Tagged igalia

WebAssembly in Redex

:: igalia, wasm, redex, racket

Recently I’ve been studying the semantics of WebAssembly (wasm). If you’ve never heard of WebAssembly, it’s a new web programming language that’s planned to be a low-level analogue to JavaScript that’s supported by multiple browsers. Wasm could be used as a compilation target for a variety of new frontend languages for web programming.

As a cross-browser effort, the language comes with a detailed independent specification. A very nice aspect of the WebAssembly spec is that the language’s semantics are specified precisely with a small-step operational semantics (it’s even a reduction semantics in the style of Felleisen and Hieb).

A condensed version of the wasm semantics was presented in a 2017 PLDI paper written by Andreas Hass and co-authors.

(the current semantics of the full language is available at the WebAssembly spec website)

In this blog post, I’m going to share some work I’ve done to make an executable version of the operational semantics from the 2017 paper. In the process, I’ll try to explain a few of the interesting design choices of wasm via the semantics.

A good thing about operational semantics is that they are relatively easy to understand and can be easily converted into an executable form. You can think of them as basically an interpreter for your programming language that is specified precisely using mathematical relations defined over a formal grammar.

Specifying a language in this way is helpful for proving various properties about your language. It’s also an implementation independent way to understand how programs will evaluate, which you can use to validate a production implementation.

Because of the way that operational semantics resemble interpreters, you can construct executable operational semantics using domain specific modeling languages designed for that purpose (Redex, K, etc).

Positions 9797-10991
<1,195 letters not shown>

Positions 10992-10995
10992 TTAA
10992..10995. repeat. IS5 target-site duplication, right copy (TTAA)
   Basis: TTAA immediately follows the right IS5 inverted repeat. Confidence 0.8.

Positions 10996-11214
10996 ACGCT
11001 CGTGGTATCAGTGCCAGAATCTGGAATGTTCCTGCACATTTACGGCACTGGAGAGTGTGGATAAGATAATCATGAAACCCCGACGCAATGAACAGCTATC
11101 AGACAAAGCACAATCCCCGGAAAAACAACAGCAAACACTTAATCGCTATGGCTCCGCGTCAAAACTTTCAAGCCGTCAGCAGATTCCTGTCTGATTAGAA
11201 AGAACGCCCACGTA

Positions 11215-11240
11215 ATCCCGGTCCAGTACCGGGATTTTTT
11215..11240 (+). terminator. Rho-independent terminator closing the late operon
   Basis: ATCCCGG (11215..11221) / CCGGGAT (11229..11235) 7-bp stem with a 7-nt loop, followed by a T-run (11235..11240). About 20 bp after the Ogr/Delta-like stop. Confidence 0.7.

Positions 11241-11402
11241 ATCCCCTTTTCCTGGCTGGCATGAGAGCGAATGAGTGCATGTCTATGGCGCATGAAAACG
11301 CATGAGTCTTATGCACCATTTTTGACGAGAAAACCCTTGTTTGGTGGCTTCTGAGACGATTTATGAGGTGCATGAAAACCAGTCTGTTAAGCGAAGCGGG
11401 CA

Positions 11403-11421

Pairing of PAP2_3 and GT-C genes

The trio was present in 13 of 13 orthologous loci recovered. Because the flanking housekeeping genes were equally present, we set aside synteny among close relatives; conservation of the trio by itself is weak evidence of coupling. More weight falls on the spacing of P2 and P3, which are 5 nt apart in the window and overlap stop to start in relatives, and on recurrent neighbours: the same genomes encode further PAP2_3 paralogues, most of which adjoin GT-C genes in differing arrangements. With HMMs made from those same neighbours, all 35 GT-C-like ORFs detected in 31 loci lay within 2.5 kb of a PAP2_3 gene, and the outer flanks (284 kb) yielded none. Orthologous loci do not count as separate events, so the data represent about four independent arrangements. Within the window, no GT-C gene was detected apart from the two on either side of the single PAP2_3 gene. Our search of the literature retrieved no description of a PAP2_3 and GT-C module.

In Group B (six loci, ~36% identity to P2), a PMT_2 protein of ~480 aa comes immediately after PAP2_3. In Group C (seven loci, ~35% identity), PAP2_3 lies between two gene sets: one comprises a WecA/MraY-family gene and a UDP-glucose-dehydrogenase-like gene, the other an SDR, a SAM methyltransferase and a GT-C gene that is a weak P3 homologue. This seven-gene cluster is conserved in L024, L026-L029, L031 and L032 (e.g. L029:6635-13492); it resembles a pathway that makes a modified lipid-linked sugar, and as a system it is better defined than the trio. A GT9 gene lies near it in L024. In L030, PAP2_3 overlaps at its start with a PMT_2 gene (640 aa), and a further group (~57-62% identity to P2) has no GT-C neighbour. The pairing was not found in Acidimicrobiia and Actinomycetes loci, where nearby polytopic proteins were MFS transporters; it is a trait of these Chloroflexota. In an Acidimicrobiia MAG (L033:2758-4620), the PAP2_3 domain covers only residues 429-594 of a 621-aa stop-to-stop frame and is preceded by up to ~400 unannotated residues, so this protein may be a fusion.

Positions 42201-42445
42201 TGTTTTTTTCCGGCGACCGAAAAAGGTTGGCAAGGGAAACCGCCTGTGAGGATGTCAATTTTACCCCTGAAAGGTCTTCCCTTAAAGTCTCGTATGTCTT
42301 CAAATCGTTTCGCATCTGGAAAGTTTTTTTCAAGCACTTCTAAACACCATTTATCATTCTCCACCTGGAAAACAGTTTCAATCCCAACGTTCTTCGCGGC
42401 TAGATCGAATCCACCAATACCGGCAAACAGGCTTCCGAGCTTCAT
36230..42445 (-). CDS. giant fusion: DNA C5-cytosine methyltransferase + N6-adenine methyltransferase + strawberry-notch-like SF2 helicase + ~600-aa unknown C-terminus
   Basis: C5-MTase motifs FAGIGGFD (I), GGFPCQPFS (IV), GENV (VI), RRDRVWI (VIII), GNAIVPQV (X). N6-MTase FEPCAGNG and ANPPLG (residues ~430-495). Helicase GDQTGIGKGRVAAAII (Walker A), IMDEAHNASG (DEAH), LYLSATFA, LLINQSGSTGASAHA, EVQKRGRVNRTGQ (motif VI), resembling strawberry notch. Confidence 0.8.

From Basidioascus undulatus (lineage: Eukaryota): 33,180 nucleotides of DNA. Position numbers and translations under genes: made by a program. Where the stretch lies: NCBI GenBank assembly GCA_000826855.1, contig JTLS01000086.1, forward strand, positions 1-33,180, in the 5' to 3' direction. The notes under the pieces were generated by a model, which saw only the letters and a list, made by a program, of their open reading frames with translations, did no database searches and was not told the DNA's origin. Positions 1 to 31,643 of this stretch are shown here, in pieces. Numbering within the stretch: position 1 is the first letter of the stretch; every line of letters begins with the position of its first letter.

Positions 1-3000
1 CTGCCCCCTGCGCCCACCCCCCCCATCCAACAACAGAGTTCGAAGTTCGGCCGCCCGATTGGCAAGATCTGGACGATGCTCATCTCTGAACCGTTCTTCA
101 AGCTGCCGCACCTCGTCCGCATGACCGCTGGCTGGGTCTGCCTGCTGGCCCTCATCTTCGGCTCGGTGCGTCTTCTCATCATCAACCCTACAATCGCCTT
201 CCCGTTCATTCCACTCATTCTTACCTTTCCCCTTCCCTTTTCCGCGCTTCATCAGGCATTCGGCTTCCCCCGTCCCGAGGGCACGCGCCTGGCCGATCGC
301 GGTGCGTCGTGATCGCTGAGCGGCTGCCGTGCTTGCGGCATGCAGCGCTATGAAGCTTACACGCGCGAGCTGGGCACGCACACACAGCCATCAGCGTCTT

(Note: wasm already comes with a reference interpreter written in OCaml, but it’s not using a modeling language in the sense described here)

The modeling language I’ll use in this blog post is Redex, a DSL hosted in Racket that is designed for reduction semantics.

Why Make an Executable Formal Semantics?

If you’re not familiar with semantics modeling tools, you might be wondering what it even means to write an executable model. The basic process is to take the formal grammars and rules presented in an operational semantics and transcribe them as programs written in a specialized modeling language. The resulting interpreters can be used to run examples in the modeled language.

The advantage to the executable model is that you can apply software engineering principles like randomized testing on your language semantics to see if there are bugs in your specification.

Another benefit that you get is visualization, which can be helpful for understanding how specific programs execute.

For example, here’s a screenshot showing a trace visualization for executing a factorial program in wasm:

step-through of a wasm program
Stepping through a function call in Redex

This is a custom visualization that I made leveraging Redex’s built-in traces function, which lets you visualize every step of the reduction process. Here it shows a trace starting with a function call to an implementation of factorial. Each box show a visual representation of the instructions for that machine state. The arrows show the order of reduction, and which rule was used to produce the next state.

In the next section I’m going to go over some background about semantics and modeling in Redex that’s needed to understand how the wasm model works (you can skip this if you already familiar with operational semantics and Redex).

Redex & Reduction Semantics Basics

As mentioned above, the basic idea of reduction semantics is to define a kind of formal interpreter for your programming language. In order to define this interpreter, you need to define (1) your language as a grammar, and (2) what the states for the machine that runs your programs looks like.